The altar piece was removed from the ruins of the church in Norcia.

“In an emergency, if a tower or a wall is hindering rescue operations, it gets knocked down. But this time we were able to coordinate with the army and the fire brigade to avoid unnecessary destruction,” commented Carapezza Guttuso. 

The Blue Helmets task force, which also operates under the aegis of UNESCO, is made up of a select group of carabinieri and experts from the Italian culture ministry including restorers, art historians, architects and archaeologists. Established in February 2016, the unit cut its teeth among the ravaged monuments of Palmyra in Syria, little realising how soon its special skills would be needed at home.

The area to the right of the entrance at the Cittaducale depot is occupied by a collection of church bells of all sizes, many of them still attached to their headstock.

“Even if a bell tower is still standing after an earthquake, it wouldn't be able to support the weight of bells in its weakened condition. So we take them down till the towers can be rebuilt or reinforced,” explained Collatini. “But we know that the ringing of bells has always been an important part of the life of the community, so this Easter we set up little bell towers made of steel tubes as temporary substitutes.”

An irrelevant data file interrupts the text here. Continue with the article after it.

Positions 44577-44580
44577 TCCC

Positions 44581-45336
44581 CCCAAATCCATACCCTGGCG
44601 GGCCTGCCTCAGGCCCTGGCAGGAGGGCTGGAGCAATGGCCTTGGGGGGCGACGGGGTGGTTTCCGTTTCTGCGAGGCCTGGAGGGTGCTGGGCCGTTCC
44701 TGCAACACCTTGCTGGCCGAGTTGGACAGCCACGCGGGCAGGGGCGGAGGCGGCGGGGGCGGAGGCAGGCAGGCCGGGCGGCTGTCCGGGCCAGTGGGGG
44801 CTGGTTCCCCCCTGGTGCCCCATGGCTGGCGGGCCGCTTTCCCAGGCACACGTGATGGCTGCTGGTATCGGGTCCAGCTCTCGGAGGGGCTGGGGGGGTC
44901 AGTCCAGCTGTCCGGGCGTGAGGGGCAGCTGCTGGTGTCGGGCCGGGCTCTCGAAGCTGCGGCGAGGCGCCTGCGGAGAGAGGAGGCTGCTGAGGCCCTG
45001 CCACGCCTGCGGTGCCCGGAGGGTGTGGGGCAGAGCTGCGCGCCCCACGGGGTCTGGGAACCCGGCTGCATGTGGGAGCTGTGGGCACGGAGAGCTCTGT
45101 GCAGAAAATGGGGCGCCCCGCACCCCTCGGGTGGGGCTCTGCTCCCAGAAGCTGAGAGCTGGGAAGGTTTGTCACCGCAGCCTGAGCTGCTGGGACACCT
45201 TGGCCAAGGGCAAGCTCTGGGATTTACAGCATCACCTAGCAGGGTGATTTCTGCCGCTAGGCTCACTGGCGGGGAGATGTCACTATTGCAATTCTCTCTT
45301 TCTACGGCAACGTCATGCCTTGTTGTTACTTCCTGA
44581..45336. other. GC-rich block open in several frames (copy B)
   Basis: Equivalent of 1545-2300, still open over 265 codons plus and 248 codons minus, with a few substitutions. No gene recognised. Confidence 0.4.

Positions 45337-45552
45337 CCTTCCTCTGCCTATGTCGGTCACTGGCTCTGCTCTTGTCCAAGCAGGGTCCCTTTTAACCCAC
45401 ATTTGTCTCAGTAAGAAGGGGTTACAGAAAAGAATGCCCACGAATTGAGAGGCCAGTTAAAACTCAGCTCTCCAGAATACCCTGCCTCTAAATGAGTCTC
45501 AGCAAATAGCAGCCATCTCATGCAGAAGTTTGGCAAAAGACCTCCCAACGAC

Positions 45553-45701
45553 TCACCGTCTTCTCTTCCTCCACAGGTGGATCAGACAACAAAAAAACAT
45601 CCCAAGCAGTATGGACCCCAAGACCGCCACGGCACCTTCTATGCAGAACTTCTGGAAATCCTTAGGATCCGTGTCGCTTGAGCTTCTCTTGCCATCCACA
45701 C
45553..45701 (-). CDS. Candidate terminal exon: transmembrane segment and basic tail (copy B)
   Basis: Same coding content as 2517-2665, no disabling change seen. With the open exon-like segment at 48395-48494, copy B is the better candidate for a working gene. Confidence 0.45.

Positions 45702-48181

The opposite side of the depot is dominated by a large photographic reproduction of the Passatore icon altar piece from the sanctuary of St Mary of Grace, a 15th-century shrine on the ancient shepherds' transhumance route near Amatrice. Restorer Federica Di Napoli Rampolla points out the areas where the frescoes have been damaged. Nearby, Silvia Borghini is sorting out a box of rubble collected at the foot of the altar, setting the painted fragments aside. Later, they will be reset in their former position, recomposing the original fresco as nearly as possible to how it was before. Borghini was one of the 80 restorers who pieced together the jigsaw pieces of the vault in the basilica of St Francis of Assisi, which collapsed in the 1997 earthquake.

The Cittaducale depot contains a horde of bells rescued from church towers.